10 Things You Need to Know about Glyphosate

The Detox Project team has been researching information on glyphosate and glyphosate-based herbicides for over 10 years. From this research we believe there are 10 very important points that everyone needs to know about this widely used chemical:

1. Glyphosate is the World’s most used Herbicide.

2. In 2015 the World Health Organization’s cancer agency IARC declared that glyphosate is a probable human carcinogen.

3. Glyphosate is found regularly in food and water.

4. There is no safe level of glyphosate according to independent science.

5. Glyphosate is probably a hormone hacker (endocrine disruptor) according to independent science.

6. 90 % of the soybeans and 70 % of the corn and cotton grown in the United States are glyphosate-tolerant GM crops.

7. Monsanto’s Roundup herbicide is the world’s top-selling weed killer. Its active ingredient is glyphosate.

8. The global glyphosate herbicides market was valued at USD $ 5.46 billion in 2012 and is expected to reach USD $ 8.79 billion by 2019.

9. Glyphosate-tolerant GM crops represent more than 80% of the 120 million hectares of GM crops grown annually worldwide.

10. Glyphosate is patented as an Antibiotic and a Chelating Agent.


5 Things You Need to Know about Glyphosate Testing

5 Things You Need to Know about Glyphosate Testing

Following 2 years of independent research on the available testing methods for glyphosate around the World, Henry Rowlands, Director of The Detox Project has summarized this glyphosate testing research into 5 points for NGOs, the public, commercial companies and government regulators:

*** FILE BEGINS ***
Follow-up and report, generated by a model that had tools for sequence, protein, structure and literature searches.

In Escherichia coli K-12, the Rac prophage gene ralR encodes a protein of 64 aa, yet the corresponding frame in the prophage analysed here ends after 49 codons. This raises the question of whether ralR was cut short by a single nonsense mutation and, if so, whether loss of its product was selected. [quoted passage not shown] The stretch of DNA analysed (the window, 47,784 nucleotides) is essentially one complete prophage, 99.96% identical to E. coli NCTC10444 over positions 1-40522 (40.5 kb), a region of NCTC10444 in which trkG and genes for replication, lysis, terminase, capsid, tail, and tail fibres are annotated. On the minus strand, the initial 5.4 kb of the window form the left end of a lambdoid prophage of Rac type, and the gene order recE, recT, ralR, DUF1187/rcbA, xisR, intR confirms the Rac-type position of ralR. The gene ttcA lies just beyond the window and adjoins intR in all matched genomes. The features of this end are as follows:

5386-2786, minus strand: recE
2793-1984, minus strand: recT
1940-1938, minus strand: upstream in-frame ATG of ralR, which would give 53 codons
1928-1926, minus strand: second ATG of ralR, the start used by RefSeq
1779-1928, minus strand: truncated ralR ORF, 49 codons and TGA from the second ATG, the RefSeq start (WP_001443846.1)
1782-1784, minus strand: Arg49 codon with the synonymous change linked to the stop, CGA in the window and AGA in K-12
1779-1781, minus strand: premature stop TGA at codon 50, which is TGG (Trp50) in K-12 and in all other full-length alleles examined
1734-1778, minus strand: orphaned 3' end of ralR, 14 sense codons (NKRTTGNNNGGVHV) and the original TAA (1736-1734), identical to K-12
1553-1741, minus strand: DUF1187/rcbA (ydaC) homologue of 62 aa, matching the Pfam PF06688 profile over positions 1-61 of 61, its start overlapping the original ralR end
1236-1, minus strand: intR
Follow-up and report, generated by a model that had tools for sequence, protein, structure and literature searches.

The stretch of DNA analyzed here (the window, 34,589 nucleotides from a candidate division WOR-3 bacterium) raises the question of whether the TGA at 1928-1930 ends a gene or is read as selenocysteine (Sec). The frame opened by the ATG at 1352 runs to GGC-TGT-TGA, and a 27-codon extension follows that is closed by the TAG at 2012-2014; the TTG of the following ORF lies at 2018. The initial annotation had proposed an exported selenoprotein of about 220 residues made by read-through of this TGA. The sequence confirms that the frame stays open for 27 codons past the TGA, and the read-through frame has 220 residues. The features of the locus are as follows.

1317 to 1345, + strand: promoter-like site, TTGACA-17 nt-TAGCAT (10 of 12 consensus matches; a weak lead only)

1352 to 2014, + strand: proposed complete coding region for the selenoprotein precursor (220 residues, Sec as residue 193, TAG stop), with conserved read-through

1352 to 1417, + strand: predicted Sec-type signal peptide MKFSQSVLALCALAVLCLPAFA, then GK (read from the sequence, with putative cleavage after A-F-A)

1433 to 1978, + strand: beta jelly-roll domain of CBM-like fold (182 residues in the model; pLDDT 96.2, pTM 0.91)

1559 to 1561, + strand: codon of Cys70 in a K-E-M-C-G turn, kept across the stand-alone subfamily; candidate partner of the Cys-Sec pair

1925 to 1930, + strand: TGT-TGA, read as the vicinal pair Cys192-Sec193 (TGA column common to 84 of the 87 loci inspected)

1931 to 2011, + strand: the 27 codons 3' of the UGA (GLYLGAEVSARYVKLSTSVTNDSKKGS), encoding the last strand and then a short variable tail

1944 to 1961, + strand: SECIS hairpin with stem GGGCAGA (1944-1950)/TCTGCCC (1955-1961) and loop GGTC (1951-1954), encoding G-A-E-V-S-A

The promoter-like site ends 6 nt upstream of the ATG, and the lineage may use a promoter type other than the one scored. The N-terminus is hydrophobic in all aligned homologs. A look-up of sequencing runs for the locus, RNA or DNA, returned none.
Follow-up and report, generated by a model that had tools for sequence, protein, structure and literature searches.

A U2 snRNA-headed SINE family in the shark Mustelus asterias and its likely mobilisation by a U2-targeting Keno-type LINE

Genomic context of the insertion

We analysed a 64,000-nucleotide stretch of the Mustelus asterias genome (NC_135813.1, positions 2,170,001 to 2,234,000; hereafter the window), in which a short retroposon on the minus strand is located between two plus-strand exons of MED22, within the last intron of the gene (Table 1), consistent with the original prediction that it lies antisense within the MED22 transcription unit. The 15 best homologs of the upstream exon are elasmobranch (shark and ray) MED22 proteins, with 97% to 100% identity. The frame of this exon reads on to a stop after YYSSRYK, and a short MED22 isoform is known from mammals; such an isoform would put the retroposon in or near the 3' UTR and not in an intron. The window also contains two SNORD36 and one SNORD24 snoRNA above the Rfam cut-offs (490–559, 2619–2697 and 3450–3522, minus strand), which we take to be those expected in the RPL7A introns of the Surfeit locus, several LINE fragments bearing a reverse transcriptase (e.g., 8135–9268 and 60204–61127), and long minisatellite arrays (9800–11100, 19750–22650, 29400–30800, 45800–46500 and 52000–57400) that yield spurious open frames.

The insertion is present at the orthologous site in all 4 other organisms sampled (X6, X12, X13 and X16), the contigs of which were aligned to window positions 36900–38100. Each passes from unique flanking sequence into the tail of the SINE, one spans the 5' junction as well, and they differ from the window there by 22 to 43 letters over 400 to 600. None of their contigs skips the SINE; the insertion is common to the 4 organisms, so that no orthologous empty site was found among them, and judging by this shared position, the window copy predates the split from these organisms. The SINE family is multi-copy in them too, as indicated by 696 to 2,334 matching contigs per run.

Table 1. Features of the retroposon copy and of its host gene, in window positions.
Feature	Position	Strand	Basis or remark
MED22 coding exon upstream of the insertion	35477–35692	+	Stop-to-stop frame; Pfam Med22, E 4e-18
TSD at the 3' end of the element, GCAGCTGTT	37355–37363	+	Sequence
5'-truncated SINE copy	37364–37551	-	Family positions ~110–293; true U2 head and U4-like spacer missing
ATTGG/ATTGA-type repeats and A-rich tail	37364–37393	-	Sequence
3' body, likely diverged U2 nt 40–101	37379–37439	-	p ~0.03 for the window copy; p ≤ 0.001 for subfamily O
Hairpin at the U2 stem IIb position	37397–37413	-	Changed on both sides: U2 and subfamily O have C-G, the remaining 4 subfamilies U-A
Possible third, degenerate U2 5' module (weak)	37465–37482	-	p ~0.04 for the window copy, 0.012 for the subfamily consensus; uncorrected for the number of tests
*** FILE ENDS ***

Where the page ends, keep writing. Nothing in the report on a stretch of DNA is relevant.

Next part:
1. Glyphosate residues are never tested for in final food products by any regulators or companies worldwide, despite being the World’s most used herbicide. Raw materials such as Soybeans and Maize are also hardly ever tested for glyphosate. This needs to change and the excuse of expense is no longer valid due to a reduction in the price of glyphosate testing across the board.

2. Methods for chemical testing including glyphosate testing should always have minimum limits of detection of 0.5 parts per billion (PPB) or lower for urine and water and under 20 PPB where possible for food samples. Anything higher than these will give irresponsible results as the methods will give negative results even if the sample actually does contain glyphosate.

3. Validated or Verified LC/MS/MS (Liquid chromatography-tandem mass spectrometry) testing methods are the most responsible methods that should be used in testing urine, water or food for glyphosate and AMPA residues. The labs that the Detox Project works alongside use these methods only.

4. ELISA testing methods for pesticides can produce false positive and false negative results and thus can not be used by regulators  – ELISA methods can give inaccurate results. These methods are usually used as a screening tool and any positive results have to be confirmed by a chromatographic method to be usable in risk assessment.

5. Some of the LC/MS/MS methods that are used by the food industry and regulators, on the odd occasion that they do test for glyphosate residues, have very poor recovery rates – meaning they cannot be relied upon to give accurate results.

 

Sources:

http://detoxproject.org
http://detoxproject.org

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